The Buffett name is undoubtedly one of the most widely recognized and well-respected forces in the industries of business and finance today. And thanks to the longstanding international efforts of Howard G. Buffett, you can now add agriculture to the list. A member of Lindsay’s Board of Directors since 1995, Buffett is leading the charge in promoting more efficient, sustainable farming methods globally in an effort to fight the war on hunger.
So, why the push and why now? According to Buffett, the majority of us fall into a category he refers to as the “Global One Percenters” which represents anyone with an annual income that exceeds $34,000. To the surprise of many, the other 99 percent of the world lives on less than that amount. Locally in the U.S. we have an estimated 50 million people struggling to obtain regular sources of food, with one in six in our country going to bed hungry each night. Globally the impact is even more concerning, with one in six struggling to survive on just $1.00 per day.
For Buffett, this means growers both locally and internationally must take their jobs seriously and be flexible if they expect to impact the four billion people who are falling short on food and water. Through his global work at the Howard G. Buffett Foundation, he’s helping to address hunger, improve agriculture, secure water resources and decrease conflict relative to farming. The goal is to help growers worldwide learn and adopt smarter, more efficient farming strategies that will help them keep up with the increasing needs of the world population.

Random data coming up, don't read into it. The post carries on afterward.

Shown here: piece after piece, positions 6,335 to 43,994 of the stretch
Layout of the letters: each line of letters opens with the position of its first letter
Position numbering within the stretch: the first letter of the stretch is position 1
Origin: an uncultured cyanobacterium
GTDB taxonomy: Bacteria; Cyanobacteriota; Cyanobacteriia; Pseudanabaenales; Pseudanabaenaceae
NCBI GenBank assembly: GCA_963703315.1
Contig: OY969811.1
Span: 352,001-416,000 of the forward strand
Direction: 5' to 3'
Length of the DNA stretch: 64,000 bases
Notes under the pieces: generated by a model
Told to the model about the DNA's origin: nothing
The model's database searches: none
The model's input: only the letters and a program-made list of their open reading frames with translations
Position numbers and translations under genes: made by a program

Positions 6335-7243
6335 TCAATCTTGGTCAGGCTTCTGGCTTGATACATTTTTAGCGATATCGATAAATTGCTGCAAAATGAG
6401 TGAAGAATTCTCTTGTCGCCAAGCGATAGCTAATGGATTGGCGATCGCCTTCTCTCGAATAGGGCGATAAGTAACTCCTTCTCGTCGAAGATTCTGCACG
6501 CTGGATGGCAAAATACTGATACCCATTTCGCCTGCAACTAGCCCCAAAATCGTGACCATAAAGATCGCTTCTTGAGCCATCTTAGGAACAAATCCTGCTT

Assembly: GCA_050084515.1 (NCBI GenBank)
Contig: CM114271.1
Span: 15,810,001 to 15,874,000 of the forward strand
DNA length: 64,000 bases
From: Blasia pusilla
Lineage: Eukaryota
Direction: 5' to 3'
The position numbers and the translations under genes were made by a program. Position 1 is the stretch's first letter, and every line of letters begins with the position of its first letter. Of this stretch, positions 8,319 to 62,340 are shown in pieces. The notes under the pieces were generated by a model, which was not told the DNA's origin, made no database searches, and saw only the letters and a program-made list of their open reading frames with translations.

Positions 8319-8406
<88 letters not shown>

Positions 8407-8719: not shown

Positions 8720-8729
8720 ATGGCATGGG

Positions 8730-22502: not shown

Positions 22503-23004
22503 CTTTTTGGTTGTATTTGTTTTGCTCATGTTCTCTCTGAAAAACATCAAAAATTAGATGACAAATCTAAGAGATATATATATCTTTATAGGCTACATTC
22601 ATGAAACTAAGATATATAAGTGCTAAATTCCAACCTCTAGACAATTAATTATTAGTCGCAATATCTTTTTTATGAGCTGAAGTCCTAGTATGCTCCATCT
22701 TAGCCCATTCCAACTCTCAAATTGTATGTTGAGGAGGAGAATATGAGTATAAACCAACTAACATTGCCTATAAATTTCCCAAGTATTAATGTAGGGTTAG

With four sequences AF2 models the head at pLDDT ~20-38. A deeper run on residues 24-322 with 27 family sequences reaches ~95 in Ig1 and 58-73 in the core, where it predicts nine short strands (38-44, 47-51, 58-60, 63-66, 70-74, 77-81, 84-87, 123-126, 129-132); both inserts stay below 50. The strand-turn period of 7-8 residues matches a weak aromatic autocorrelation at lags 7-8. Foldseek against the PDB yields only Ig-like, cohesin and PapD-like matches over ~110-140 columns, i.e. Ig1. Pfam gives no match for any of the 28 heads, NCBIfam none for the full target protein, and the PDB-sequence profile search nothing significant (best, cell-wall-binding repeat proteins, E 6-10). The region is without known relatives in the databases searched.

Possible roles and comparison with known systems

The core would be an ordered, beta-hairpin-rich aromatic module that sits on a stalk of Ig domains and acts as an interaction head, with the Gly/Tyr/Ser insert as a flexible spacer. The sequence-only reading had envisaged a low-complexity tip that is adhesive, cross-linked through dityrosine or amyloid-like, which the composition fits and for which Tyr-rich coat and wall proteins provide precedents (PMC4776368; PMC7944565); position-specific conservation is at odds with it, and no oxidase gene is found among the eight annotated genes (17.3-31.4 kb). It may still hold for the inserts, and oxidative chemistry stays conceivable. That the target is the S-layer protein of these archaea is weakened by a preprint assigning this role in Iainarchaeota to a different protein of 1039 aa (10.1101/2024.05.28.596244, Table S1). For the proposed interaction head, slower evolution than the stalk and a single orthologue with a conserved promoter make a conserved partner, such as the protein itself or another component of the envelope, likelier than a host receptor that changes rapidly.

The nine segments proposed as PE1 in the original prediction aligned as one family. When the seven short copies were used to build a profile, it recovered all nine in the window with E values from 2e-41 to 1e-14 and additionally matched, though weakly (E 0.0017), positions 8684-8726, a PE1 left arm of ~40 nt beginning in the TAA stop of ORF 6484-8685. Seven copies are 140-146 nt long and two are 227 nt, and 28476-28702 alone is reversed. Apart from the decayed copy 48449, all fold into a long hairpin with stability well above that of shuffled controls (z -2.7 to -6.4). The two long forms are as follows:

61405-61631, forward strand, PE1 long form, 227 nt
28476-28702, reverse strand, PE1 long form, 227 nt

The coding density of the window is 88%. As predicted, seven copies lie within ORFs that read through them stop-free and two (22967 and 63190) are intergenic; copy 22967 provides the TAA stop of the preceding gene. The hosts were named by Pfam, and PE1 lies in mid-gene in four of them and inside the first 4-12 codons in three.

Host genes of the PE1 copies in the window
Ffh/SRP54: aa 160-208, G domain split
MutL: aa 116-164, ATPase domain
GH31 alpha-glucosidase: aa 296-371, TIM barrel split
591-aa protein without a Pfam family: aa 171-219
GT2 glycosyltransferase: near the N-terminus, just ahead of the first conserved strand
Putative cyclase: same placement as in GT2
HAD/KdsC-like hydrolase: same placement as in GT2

According to Buffett, this can be achieved in several ways:
Tens of millions of acre feet of water could be conserved by halting the use of flood irrigation and implementing pivot or drip irrigation practices. Updating current pivots with more advanced sprinklers and using soil moisture technology will also help.
It’s a simple matter of efficiency. Combined with “advanced” technology options, today’s pivot is a highly sophisticated system that can include everything from soil moisture probes to variable rate application – helping to conserve diminishing water supplies while maximizing crop yield and quality.
Have Foresight and Act on It
Growers only have about 40 seasons before planting is handed off to the next generation. Therefore, it’s critical that they are open to change and ongoing improvement so they can leave their farms, communities and environment in a better condition than when they started. Doing all they can to make a difference now is something they will never regret later.
“Hunger & Poverty Statistics.” Feeding America. http://feedingamerica.org/hunger-in-america/hunger-facts/hunger-and-poverty-statistics.aspx.